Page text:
The Arabs, found in the Quran ample provisions for the regulation of their affairs, religious, social and political, but this aspect of Islam soon underwent a mighty change. Scarcely was the Prophet buried when his followers went forth from the Arabian Peninsula to impose the faith of Islam upon all the nations of the earth. Within a century they had, as a first step to universal subjugation, conquered every land that intervenes from the banks of the Oxus to the farthest shores of North Africa, and had enrolled the great majority of their peoples under the standard of the Quran. This vast empire differed widely from the Arabia of Muhammad’s time’ and that which sufficed for the patriarchal simplicity of the early Arabs, was found altogether inadequate for the multiplying needs of his descendants. Crowded cities, like Fostat, Kufa and Damascus, required elaborate laws for the guidance of their courts of justice; widening political relations demanded a system of international equity; the speculations of a people before whom literature was throwing open her arena, and the controversies of eager factions on nice points of doctrine, were impatient of the narrow limits which confined them: – all called loudly for the enlargement of the scanty and naked dogmas of the Quran, and for the development of its rudimental code of ethics.


The Quran at first the sole authoritative rule of conduct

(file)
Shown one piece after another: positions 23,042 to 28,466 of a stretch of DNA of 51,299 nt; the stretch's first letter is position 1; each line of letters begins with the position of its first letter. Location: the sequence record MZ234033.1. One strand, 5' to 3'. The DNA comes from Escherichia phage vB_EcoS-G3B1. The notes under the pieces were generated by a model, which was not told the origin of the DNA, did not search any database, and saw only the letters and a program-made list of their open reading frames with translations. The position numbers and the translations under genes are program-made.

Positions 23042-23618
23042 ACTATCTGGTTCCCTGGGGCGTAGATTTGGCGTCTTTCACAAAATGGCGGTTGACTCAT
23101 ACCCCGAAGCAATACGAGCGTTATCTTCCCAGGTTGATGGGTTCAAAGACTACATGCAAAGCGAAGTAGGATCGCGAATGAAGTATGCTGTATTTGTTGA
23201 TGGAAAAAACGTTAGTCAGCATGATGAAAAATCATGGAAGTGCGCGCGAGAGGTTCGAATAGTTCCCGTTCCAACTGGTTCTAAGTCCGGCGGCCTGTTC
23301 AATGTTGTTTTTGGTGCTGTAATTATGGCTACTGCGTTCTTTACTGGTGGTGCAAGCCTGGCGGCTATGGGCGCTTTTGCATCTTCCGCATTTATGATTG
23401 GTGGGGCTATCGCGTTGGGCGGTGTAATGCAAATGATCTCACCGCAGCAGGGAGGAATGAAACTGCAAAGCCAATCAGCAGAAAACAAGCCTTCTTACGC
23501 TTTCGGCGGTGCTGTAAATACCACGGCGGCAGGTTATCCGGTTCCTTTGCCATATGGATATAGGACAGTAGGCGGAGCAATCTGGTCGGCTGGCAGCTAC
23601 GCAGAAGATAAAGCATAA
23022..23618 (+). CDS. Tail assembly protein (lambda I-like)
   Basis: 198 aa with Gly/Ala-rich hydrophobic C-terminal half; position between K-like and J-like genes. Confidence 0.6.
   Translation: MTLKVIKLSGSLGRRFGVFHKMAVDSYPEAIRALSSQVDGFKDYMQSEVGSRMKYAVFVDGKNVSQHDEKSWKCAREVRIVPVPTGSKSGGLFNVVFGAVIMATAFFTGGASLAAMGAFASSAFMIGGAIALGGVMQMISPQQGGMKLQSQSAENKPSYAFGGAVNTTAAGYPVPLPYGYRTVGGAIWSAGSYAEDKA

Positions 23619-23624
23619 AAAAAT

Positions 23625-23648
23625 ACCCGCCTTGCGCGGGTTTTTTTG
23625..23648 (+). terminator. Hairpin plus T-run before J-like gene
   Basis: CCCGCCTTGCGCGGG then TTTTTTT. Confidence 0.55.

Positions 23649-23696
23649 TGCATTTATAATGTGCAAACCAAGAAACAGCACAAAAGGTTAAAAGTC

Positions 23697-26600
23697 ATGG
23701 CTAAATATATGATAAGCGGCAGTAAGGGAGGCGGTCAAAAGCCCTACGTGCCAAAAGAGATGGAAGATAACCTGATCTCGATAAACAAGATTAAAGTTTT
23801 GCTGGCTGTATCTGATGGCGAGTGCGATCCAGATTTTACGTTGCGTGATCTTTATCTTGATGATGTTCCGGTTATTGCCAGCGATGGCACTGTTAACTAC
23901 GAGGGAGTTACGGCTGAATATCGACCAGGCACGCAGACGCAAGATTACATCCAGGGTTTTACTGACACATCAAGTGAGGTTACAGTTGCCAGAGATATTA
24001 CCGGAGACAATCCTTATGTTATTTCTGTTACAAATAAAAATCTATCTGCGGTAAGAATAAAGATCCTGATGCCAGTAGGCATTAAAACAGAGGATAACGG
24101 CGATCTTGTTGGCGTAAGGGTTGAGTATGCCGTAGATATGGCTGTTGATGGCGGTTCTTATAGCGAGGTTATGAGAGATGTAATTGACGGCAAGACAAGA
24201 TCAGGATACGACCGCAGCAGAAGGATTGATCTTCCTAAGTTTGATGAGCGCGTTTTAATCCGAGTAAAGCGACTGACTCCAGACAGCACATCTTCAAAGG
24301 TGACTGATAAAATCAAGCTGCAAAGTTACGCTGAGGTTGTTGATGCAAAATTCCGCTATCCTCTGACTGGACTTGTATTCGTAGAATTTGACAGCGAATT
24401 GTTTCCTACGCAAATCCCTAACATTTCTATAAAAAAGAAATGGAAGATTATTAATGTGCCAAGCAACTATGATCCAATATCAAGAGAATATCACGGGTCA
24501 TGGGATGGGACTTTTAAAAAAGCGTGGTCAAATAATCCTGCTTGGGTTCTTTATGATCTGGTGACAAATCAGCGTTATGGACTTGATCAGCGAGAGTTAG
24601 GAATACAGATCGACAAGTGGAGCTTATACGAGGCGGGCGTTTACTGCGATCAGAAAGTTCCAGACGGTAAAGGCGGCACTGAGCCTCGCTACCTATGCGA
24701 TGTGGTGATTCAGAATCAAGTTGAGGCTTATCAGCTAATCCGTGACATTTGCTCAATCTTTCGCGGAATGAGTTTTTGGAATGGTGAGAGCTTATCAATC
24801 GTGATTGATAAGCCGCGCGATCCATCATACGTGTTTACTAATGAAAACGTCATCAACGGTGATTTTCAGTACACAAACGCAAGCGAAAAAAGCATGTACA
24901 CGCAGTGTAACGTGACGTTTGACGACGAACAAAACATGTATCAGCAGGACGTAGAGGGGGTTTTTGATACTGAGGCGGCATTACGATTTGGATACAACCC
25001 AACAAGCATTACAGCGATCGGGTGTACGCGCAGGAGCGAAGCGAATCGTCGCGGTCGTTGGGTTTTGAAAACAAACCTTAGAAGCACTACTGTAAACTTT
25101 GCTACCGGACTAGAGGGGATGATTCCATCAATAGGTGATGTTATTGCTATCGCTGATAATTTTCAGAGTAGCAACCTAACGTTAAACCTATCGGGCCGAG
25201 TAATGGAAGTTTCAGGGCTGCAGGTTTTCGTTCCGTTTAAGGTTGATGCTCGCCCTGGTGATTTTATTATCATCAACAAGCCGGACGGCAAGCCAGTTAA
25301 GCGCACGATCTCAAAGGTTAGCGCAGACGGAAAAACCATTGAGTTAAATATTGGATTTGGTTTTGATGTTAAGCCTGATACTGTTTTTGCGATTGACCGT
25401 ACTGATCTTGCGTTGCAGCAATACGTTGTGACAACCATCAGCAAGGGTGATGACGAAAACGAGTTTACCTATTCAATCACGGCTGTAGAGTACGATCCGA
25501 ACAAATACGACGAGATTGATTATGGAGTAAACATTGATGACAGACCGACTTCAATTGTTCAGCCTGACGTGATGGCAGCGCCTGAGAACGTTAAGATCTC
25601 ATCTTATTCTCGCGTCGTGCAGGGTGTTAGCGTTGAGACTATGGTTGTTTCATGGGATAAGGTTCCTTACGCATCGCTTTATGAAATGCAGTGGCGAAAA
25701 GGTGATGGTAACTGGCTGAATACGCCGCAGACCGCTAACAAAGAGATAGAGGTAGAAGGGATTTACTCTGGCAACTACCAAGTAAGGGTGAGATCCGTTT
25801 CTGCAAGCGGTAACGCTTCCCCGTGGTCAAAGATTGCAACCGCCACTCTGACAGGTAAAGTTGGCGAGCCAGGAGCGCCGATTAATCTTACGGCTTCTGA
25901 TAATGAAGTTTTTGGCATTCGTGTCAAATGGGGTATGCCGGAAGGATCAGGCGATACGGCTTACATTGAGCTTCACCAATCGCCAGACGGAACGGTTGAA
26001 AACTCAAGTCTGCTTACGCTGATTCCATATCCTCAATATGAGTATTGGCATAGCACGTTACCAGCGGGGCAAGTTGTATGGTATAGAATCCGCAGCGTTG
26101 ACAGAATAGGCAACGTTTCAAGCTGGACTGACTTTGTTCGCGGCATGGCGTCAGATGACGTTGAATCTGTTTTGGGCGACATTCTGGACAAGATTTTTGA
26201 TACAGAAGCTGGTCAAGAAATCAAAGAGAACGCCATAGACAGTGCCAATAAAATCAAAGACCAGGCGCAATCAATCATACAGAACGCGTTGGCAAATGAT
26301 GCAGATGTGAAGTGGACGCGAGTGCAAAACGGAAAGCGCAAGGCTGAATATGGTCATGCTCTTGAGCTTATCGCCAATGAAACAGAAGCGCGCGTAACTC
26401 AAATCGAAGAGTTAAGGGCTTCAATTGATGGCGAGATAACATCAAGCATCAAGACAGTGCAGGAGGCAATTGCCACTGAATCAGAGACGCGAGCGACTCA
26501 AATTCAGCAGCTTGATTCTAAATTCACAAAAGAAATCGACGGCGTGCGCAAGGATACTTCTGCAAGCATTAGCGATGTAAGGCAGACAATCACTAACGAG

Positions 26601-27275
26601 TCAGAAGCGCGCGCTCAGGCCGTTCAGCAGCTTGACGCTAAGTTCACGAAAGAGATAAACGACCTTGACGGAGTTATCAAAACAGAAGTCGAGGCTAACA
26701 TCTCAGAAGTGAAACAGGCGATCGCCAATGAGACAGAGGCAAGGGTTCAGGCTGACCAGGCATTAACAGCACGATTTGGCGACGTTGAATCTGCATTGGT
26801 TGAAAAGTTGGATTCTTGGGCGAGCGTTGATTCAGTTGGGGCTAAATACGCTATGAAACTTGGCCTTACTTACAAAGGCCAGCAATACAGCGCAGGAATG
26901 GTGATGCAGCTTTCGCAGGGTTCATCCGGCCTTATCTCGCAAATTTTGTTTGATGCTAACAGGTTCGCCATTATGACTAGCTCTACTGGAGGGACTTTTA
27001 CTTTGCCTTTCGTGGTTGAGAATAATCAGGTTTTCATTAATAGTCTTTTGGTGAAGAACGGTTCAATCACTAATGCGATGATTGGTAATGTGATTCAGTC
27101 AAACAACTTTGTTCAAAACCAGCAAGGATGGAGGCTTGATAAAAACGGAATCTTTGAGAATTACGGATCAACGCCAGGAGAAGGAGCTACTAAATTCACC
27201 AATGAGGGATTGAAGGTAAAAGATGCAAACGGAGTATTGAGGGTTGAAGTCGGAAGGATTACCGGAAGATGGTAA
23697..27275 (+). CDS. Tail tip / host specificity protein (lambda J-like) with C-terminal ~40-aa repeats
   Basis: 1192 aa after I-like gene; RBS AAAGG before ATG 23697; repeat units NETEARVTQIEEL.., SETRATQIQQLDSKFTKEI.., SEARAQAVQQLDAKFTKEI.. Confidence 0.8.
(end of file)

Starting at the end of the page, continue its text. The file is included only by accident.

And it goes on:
And yet, Muhammad himself had ruled by the Quran alone with its first principles of the standard of Law, Theology and Politics. To the Quran and its teaching he always referred. If he, the heavenly Messenger of the Lord, and the founder of the faith, was bound to the heavenly revelation, how much more the Caliphs, his uninspired successors! But new and unforeseen circumstances were continually arising, for which the Quran made no provision. How, then, were its deficiencies to be supplied?


Deficiency supplied by the ‘Sunnat’

The difficulty was resolved by adopting the custom or ‘Sunnat’ of Muhammad – that is, his sayings and his practice – as supplementary of the Quran. The recitals regarding the life of the Prophet now acquired an unlooked-for-value. He had never held himself infallible, except when directly inspired of God; but this new doctrine assumed that a heavenly and unerring guidance pervaded every word and action of his prophetic life. Tradition was therefore invested with the force of law, and with something of the authority of inspiration. It was in a great measure owing to the rise of this theory, that during the first century of Islam, the cumbersome recitals of tradition out-stripped the dimensions of reality. The prerogative now claimed for Tradition stimulated the growth of fabricated evidence, and led to the preservation of every kind of story, spurious or real, touching the Prophet.